THE BLOG

The Arts Landscape- From Nottingham to Tokyo

26/02/2014 17:50 GMT | Updated 28/04/2014 10:59 BST

From a recent visit to the other side of the world in Tokyo for an international cultural seminar, the UK row about funding the arts in London or the regions seems frankly silly. With colleagues Moira Sinclair from Arts Council England and Justine Simons, the Mayor of London's Head of Culture, we discover everybody in the Japanese arts world sees it is obvious that UK culture is thriving because of the relationships between London, the English regions and the nations.

I first met Justine when we worked together at Nottingham Playhouse and we have been friends ever since, part of a Nottingham Playhouse network that is replicated in arts organisations all over the regions.

I have worked in arts organisations and festivals in Bradford, Nottingham, Glasgow, Manchester, Chichester, Vienna, London and now also in Amsterdam. Like most colleagues who have lived in these cities, I know that our arts world is not limited or divided by geography.

When I worked at Nottingham Playhouse, we welcomed rising stars like Dominic Cook (who went on to run the Royal Court in London), Phelim McDermot (who is now working at the Metropolitan Opera in New York), working alongside international guests like Peter Brook, Robert Lepage and Luc Bondy. Amongst those who started their careers at Nottingham Playhouse are the current artistic and executive directors of Chichester Festival Theatre and the current technical directors of the Barbican's theatre and Birmingham Rep (indeed both their bosses also come from Nottingham Playhouse).

We invited young actors like Michael Sheen and Helena Bonham Carter to Nottingham to make new productions and it is as fun for local audiences to remember seeing all the rising stars on our stage at the beginning of their amazing careers as it was for us backstage at this time. A large part of the joy of building a company of talent in any arts organisation is the sense of pride for all in developing audiences and creative teams, growing and sharing new talent- from backstage skills to leading artists.

Sheffield, Manchester, Birmingham, Glasgow, every major city and large arts organisation has the same story of networks of alumni who owe their careers to the support they got from a youth theatre, museum or regional orchestra, festival, theatre or arts centre. For every Danny Boyle starting in Bolton or Nick Hytner in Manchester, there are innumerable stage managers, performers and technicians moving from regions to London, from theatre to film and TV, from Bolton to Hollywood.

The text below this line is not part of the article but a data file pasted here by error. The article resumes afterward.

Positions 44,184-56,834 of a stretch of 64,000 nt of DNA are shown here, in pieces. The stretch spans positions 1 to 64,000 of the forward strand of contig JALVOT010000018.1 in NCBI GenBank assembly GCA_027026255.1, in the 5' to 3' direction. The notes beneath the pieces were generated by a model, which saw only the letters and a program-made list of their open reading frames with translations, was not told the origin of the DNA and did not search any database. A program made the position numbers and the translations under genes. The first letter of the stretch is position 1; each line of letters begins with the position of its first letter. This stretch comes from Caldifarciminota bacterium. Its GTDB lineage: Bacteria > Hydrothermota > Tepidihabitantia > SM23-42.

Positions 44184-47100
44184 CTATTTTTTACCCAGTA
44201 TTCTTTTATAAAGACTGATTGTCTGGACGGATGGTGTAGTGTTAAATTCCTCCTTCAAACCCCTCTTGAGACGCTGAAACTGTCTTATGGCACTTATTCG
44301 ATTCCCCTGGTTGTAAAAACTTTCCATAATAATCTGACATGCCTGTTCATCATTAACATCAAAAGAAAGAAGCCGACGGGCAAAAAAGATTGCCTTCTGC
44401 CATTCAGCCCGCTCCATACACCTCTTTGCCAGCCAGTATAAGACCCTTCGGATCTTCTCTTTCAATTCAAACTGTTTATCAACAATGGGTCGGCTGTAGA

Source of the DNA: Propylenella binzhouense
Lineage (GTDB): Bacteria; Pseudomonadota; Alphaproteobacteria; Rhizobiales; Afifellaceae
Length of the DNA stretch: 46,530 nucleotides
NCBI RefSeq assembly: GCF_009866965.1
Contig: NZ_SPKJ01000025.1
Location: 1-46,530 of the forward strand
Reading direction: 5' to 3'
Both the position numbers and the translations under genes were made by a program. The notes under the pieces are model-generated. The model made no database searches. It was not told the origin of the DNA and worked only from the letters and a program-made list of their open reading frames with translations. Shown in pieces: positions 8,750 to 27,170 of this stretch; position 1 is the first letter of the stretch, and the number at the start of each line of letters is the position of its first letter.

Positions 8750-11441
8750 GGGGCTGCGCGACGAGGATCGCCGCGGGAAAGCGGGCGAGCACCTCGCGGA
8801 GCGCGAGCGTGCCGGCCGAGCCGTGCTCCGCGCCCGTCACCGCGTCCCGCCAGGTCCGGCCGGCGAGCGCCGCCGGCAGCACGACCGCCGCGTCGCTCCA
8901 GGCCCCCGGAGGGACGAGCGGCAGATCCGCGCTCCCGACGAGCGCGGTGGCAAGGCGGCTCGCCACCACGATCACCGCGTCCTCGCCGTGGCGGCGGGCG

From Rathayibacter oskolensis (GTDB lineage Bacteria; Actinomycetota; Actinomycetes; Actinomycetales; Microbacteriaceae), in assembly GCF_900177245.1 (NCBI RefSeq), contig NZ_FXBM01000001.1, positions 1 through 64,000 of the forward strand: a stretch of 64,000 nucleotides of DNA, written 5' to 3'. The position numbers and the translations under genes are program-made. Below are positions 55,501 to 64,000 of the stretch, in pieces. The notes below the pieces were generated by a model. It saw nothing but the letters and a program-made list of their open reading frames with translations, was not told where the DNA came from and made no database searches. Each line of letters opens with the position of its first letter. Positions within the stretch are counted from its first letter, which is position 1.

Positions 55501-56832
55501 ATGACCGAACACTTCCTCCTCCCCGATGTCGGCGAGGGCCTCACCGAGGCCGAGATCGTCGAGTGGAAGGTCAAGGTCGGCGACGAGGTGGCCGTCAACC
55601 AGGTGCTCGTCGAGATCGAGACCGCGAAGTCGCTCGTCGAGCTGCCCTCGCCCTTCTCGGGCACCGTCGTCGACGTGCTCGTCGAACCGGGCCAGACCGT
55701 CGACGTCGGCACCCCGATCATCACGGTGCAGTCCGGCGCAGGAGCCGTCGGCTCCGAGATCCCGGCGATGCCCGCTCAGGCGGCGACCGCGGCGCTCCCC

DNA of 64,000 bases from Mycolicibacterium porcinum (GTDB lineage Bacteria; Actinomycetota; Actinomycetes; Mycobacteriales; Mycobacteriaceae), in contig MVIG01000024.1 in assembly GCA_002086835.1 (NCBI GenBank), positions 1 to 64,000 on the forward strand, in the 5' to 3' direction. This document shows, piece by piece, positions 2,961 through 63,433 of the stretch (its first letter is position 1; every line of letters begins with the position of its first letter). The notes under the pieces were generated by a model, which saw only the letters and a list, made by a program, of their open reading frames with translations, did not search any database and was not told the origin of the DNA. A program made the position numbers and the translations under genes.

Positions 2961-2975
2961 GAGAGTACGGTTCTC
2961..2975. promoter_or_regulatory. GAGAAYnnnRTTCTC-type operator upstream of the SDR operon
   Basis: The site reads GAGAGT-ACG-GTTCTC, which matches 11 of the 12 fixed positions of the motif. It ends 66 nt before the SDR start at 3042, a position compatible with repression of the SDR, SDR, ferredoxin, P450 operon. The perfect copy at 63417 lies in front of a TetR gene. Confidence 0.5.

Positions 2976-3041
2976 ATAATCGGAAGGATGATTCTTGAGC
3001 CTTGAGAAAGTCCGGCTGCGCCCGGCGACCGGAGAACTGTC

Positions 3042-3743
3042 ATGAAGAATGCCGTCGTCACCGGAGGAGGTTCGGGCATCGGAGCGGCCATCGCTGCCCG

The subsidised arts are the entry point for many of our leading lights in the creative industries, and of course the creative industries themselves, including the arts, are one of the fastest growing sectors in the UK economy, accounting now for 1 in 12 jobs.

A constant flow between London and the regions, of staff, artists and audiences, drives local and London tourism, as well as cross fertilising artforms from performing and visual arts to film and TV.

Our museums and galleries are equally powerful models of the way that talent and audiences grow and benefit in an UK-wide ecology, in which it makes no sense to set Tate Liverpool against Tate Modern in London or the regional partners of the UK-wide Artists' Rooms against national partners in London and Edinburgh.

If you work in Germany, it is completely accepted that you need the dispersed communities of talent in museums, theatres and opera houses around the country, from Hamburg to Munich, from Berlin to Cologne, if your arts sector overall is to flourish. German colleagues cannot understand this false choice between investing in London and investing elsewhere in the UK.

The community of artists and creators in the UK is admired round the world, and the achievement of subsidised structures to grow talent and share and develop the best of the arts is the envy of many other countries around the world.

London is not a threat, it is an essential part of the arts landscape. The real threats are the next round of funding cuts faced by local authorities all over the country, including London, the decline in philanthropy since 2007- and the risk of further cuts to the Arts Council and other Government funded arts institutions. The arts must not be divided and ruled by distracting and false arguments that set London and the regions against each other when we have real and pressing dangers to fight.